9 cool extension rules for Visual Studio

Original author: Mads Kristensen
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Cool Visual Studio extensions have several key features that distinguish them from the rest. They look and are actually well thought out, functional and reliable. In addition, they do what they should, to the level of excellence and natively fit into the internal functions of Visual Studio.

To make writing good extensions easier, we are working with the community to develop a simple checklist. There is even a  GitHub issue template that you can use. In this article, we’ll look at 9 cool expansion rules. Details under the cut.


The following list is not in order. Remember to follow all the rules for best results.

Rule 1: Adhere to the rules of coverage

Add the Microsoft.VisualStudio.SDK.Analyzers NuGet package to your VSIX project. This will help you identify and resolve common threading errors.

Rule 2: Add High Quality Icon

All extensions must have an icon associated with them. Make sure the icon is a high-quality .png file with a resolution of 128 × 128 pixels and a DPI of 96 or more. After adding the icon to the VSIX project, register it in the .vsixmanifest file as an icon and a preview image. The Visual Studio Marketplace uses a larger icon and yours will dynamically change when displayed in Visual Studio.

Rule 3: Title and Description

Studies show that users more often install extensions with short descriptive names and precise information about them. Make sure the name captures the essence of what the extension does. The description in the .vsixmanifest file should create expectations about what the extension does. In total, a brief description of what problems the extension solves and what its functions are key.

Rule 4: Write a Good Marketplace Description

This is one of the most important things you must do to make your expansion a success. A good description consists of:

  • Screenshots / GIFs of what will be added by the extension
  • Detailed features description
  • Links to details, if necessary

Rule 5: Indicate the license

The license is displayed in the Marketplace, in the VSIX installer, and in the Extensions Manager dialog box. Always specify a license to create expectations for users. Consider using  choosealicense.com to find the right license. The reason for this rule is to resolve any ambiguity, which is important for many Visual Studio users.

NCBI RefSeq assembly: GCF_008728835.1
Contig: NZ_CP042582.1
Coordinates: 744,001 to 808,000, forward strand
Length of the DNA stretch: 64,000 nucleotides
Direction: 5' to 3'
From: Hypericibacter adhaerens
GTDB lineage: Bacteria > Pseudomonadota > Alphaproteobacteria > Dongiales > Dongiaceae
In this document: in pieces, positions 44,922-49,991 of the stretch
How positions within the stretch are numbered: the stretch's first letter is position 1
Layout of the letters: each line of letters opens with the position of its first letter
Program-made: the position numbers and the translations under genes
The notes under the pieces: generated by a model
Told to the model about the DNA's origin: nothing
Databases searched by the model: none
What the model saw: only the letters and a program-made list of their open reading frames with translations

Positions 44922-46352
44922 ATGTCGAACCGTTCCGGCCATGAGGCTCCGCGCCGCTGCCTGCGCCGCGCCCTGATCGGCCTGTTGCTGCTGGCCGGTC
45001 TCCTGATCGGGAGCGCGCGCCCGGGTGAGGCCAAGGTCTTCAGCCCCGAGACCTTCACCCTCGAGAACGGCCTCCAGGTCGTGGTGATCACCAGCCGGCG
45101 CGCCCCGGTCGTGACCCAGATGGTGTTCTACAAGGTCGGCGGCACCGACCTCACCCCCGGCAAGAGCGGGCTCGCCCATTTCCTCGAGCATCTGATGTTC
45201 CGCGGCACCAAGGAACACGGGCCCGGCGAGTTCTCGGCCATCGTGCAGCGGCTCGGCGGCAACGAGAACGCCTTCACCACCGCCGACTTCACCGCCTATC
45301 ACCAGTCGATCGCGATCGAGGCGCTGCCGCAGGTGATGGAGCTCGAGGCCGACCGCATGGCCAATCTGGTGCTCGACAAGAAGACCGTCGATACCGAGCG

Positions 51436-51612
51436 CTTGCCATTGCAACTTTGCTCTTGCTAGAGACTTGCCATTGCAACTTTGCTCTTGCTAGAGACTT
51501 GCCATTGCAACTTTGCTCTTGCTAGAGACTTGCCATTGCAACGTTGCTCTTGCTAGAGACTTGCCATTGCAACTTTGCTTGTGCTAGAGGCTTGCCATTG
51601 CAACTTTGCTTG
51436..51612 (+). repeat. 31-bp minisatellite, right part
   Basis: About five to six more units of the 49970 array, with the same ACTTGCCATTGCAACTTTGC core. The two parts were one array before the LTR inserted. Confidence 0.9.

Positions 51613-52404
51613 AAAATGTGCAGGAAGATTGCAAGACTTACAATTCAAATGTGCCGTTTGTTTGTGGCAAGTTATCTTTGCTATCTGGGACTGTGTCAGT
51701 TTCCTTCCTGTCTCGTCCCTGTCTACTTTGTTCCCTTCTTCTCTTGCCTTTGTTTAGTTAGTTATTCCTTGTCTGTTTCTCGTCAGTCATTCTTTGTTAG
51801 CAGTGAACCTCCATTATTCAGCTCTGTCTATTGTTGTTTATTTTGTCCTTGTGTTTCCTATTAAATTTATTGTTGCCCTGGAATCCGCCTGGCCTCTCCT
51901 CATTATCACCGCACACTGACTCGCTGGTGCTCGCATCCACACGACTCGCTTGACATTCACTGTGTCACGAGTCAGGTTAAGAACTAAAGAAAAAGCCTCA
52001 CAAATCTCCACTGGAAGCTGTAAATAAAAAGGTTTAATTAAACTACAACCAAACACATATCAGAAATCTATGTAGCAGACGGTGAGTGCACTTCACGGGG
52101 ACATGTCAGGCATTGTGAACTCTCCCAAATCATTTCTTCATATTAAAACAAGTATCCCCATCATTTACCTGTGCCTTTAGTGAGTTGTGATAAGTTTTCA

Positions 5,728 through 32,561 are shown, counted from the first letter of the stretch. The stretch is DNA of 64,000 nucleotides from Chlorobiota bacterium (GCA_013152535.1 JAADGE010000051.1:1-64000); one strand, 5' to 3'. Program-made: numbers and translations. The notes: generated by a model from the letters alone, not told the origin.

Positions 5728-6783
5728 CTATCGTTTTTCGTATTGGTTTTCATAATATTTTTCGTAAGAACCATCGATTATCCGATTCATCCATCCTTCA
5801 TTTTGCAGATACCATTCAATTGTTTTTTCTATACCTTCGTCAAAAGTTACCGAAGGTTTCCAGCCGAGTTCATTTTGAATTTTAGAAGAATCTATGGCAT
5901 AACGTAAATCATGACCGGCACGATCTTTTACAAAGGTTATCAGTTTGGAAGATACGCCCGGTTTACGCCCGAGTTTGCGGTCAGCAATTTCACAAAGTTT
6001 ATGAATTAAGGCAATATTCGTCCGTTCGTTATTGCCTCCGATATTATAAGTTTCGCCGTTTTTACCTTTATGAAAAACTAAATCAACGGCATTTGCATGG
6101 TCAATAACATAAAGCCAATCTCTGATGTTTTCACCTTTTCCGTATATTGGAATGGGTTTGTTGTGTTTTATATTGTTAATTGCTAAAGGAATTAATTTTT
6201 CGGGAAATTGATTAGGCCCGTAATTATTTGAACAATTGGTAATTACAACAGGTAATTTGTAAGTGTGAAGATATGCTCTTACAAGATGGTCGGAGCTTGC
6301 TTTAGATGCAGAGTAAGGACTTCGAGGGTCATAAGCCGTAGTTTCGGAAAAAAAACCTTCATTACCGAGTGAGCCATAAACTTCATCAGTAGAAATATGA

Rule 6: Add a privacy notice

If the extension collects data, such as telemetry, add a note about this in the description.

Rule 7: Use KnownMonikers Where Possible

Visual Studio comes with thousands of icons that are available in the KnownMonikers collection  . When adding icons to buttons, check: maybe you can use existing KnownMonikers icons, because they are part of the design language familiar to Visual Studio users. Here is a complete list of KnownMonikers , and you can also use the KnownMonikers Explorer extension to find the one that suits your scripts.

Rule 8: Create a sense of native extension

Follow the same patterns and design principles that Visual Studio itself uses. This makes the extension natural for users. It also reduces distractions caused by a poorly designed user interface. Make sure that all buttons, menus, toolbars, and tool windows are visible by default only when the user is in the right context for using them. There are several rules:

  • Never add a new top-level menu (next to File, Edit, etc.)
  • No buttons, menus, or toolbars should be visible in contexts to which they do not belong.
  • If you need  autoload (most likely not), do it as soon as possible.
  • Use VisibilityConstraints  to toggle command visibility instead of relying on automatic loading

Rule 9: Use the correct version ranges

It may be tempting to support versions of Visual Studio up to Visual Studio 2010 so that everyone can use your new extension. The problem is that you can no longer use the APIs introduced later than the old version that the extension supports. Often these new APIs are important and help improve the performance and reliability of both your extension and Visual Studio itself.

Here are our guidelines for deciding which versions of Visual Studio to support:

  • Support only previous and current versions of Visual Studio - if possible, do not support older versions
  • Do not specify the range of available versions. For instance. [16.0,). Find out more about the  versions here .

Your opinion

What do you think of this checklist? Do you agree with the rules? Please share your thoughts below in the comments or in  the GitHub repository . I hope the checklist helps you create cool extensions that will become really popular.

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